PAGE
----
Honda Fined for Violations of Safety Law
JAN. 8, 2015
In a sharp escalation of penalties against automakers that skirt safety laws, the nation’s top auto safety agency has fined Honda Motor a record $70 million for grossly underreporting fatal accidents and injuries to the government, regulators said on Thursday.
The penalty doubles a fine levied against General Motors last year as the agency, the National Highway Traffic Safety Administration, faces scrutiny for being slow to identify safety problems and failing to use the full extent of its legal powers.
Honda, the agency said, broke the law in two ways, each earning the maximum fine of $35 million. It did not report hundreds of death and injury claims to the agency for the last 11 years nor did it report certain warranty and other claims in the same period. Both types of reports are considered crucial to helping regulators identify potential safety defects.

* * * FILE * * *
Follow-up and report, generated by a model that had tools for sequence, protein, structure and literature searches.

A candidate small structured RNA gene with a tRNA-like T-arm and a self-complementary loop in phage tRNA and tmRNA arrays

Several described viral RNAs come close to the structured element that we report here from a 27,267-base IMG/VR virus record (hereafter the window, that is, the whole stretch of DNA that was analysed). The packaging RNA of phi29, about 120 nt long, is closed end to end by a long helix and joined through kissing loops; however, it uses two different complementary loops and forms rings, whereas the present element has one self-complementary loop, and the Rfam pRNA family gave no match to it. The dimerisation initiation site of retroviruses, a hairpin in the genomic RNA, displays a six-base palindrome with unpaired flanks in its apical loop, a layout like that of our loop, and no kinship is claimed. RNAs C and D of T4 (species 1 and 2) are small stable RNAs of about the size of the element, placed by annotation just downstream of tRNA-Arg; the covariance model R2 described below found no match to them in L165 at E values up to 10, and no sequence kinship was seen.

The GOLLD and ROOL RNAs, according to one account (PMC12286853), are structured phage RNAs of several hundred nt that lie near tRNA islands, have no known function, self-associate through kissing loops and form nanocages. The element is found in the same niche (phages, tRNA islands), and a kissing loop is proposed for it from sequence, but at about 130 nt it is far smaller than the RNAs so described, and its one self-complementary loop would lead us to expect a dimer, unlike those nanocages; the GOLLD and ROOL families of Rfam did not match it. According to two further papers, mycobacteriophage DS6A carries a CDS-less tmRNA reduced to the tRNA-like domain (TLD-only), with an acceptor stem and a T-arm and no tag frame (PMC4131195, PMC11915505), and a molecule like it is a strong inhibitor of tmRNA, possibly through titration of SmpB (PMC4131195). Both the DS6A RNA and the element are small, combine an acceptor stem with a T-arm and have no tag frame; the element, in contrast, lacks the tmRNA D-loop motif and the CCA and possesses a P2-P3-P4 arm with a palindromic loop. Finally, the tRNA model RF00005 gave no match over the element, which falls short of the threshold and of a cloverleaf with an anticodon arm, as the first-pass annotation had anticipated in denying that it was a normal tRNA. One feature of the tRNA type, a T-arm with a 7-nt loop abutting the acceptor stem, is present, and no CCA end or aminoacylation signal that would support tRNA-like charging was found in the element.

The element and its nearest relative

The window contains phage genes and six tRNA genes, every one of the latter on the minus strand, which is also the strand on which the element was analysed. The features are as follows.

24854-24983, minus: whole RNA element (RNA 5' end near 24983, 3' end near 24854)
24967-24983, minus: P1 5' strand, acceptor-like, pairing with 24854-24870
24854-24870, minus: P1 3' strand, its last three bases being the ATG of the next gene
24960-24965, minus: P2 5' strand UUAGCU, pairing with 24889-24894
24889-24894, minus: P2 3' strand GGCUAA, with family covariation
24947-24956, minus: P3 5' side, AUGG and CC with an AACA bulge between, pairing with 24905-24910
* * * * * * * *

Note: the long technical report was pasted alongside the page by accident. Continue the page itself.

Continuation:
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Rick Schostek, a top executive at Honda North America, testified at a Senate hearing last week. He later said an audit identified “difficult facts about where we did not meet our obligations.”
“Today’s announcement sends a very clear message to the entire industry that manufacturers have responsibility for the complete and timely reporting of this critical safety information,” Mark Rosekind, the new head of the agency, said on Thursday.
The unfiled claims included eight, including one involving a death, for problems with airbags made by the Japanese supplier Takata, which itself has been embroiled in a safety crisis that has spurred the recall of millions of vehicles worldwide. The airbags can explode violently when they deploy, sending metal fragments flying into the cabin; five deaths have been linked to the defect.
Honda, the automaker most affected by the Takata recalls, said it